Penguins Q&A with Dave Molinari
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Q: I'm writing this to you after the line changes were announced but before Game 2. The Penguins had won 12 of 15 games in the playoffs with the same lines; don't you think it's an overreaction to one game where we didn't really even know the opponent (who happened to have won the Presidents' Trophy) to make changes like this? Chemistry is more important than man-on-man matchups, in my opinion, and putting new people together just doesn't ring true after only one loss.
Scott Krasik, New York City
MOLINARI: We're on level ground here, Scott, because this response is being formulated well before the start of Game 2, also. By the time this is posted, there should be concrete evidence to indicate whether coach Michel Therrien's decision to reconfigure his forward lines was wise. At this writing, however, there are nothing but hunches and opinions.
Although Therrien has been criticized heavily here, and in other quarters, because of his penchant for shaking up his line combinations so often, it's not all that difficult to rationalize the decision to do that after the Penguins' 4-0 loss in Game 1. Indeed, the fact that remaking his lines is such a staple of Therrien's approach to coaching prevented his players from viewing the changes as a move rooted in panic; instead, they seemed to look at it as simply Therrien reacting the way he often has to an unsatisfactory performance.
It's true that the Penguins' lines have remained largely intact this spring, but that's mostly because they've had so much success and have been able to remain healthy, for the most part. Still, Gary Roberts, Adam Hall and Max Talbot -- and now, Georges Laraque -- have been out of the lineup at one time of another, so it's not as if the Penguins entered Game 1 of the opening round against Ottawa with four set lines and never tampered with them. Fact is, there have been more than a few occasions when Therrien broke up a couple -- or more -- lines in mid-game because he wasn't happy with the way things were going.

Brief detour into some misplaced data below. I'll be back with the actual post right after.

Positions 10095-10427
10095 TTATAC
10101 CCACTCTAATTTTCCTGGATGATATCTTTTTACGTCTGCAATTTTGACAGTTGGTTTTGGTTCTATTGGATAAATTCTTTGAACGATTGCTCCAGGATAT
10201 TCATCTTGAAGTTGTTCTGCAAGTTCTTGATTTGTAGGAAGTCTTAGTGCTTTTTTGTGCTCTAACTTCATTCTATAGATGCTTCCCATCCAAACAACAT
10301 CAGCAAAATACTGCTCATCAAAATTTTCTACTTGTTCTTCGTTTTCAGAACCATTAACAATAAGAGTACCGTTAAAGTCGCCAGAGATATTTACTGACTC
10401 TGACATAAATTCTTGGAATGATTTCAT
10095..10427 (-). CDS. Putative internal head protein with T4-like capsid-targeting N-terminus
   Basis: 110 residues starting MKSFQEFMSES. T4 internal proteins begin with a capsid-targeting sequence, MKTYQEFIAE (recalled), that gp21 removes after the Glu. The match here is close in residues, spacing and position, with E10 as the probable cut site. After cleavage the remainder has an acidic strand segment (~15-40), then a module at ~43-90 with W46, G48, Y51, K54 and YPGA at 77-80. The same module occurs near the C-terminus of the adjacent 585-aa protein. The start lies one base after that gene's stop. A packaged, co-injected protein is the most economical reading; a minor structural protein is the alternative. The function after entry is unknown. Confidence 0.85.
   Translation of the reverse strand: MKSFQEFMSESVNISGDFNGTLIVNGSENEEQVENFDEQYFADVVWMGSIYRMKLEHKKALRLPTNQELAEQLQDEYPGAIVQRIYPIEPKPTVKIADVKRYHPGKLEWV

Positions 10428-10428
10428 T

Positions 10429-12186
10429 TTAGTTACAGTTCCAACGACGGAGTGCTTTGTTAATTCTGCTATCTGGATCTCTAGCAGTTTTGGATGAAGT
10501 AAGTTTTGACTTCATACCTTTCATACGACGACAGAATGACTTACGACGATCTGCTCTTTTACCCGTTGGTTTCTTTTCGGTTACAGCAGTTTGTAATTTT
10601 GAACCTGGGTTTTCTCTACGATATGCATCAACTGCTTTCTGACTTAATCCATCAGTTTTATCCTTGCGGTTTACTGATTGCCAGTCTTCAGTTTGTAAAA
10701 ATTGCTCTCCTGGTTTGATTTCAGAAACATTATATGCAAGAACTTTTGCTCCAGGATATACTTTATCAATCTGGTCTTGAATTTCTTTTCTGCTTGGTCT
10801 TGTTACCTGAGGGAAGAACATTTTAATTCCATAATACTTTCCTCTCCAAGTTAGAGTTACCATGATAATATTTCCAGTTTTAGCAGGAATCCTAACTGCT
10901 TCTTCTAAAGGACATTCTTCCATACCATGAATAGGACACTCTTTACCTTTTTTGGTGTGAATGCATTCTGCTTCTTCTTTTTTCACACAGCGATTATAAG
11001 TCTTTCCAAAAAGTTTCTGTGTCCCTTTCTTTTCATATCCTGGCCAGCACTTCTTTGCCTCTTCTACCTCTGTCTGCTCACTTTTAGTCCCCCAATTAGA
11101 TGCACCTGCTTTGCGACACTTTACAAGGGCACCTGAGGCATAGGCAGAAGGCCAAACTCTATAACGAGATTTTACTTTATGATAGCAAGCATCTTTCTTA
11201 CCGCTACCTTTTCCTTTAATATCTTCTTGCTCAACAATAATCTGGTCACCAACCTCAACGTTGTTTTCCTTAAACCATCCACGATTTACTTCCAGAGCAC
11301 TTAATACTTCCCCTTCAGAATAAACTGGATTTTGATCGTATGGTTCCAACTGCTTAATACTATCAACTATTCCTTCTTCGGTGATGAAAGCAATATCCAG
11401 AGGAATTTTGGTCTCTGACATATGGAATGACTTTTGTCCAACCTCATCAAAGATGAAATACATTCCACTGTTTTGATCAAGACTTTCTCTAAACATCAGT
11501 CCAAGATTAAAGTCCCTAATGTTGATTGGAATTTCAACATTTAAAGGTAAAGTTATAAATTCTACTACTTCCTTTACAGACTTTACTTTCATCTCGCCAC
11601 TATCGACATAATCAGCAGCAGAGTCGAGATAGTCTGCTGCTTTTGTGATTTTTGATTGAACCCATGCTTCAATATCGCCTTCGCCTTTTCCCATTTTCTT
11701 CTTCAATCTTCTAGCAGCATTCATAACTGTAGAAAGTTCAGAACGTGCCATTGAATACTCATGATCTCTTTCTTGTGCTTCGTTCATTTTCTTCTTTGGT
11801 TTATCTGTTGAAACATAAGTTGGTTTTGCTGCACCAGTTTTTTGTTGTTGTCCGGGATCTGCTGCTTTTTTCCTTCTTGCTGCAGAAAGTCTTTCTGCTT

Finally, the Penguins' chances of being able to compete with Detroit will be greatly enhanced if Evgeni Malkin is able to get his game back in order, and giving him a new winger might help to get him jump-started. That's reason enough for Therrien to adjust his combinations.
When you're in a best-of-seven series -- especially one with a top-quality opponent like Detroit -- waiting too long to react to developments might be even more dangerous than acting in haste. Sometimes, decisions like the one to reconfigure the lines will not work out, and might even backfire. On other occasions, they might have an even greater positive impact than the guy making them expects. As with most other things in a playoff series, there are no guarantees.
Q: If the Penguins beat the Red Wings for the Stanley Cup, shouldn't they also get the sole right to call themselves "Hockeytown, USA"?
Lionel, Hamilton, Ontario
MOLINARI: Actually, it's highly unlikely that, even if the Penguins win the Cup, they will want to be known as "Hockeytown, USA." One suspects that being called "the Penguins" will continue to be quite satisfactory to them.
If you are suggesting that Pittsburgh appropriate that nickname if the Penguins take the series, that does not reflect the thinking here. Detroit picked up its tag as "Hockeytown" a little over a decade ago because of an obviously successful marketing/public relations campaign by the Red Wings. Precisely how anyone would conclude that it should be forced to surrender it solely on the basis of how a particular series turns out isn't clear. (If that were the case, shouldn't the transfer have happened the first time the Wings were knocked out of the playoffs by a U.S.-based opponent?)
There is one other minor matter to take into account. Warroad, Minn., took to calling itself "Hockeytown USA" decades ago, and it has done nothing to deserve having the name taken away. Even though, of course, the Penguins almost certainly would be solid favorites in a best-of-seven against the Warroad High School Warriors.
First Published May 27, 2008 1:33 am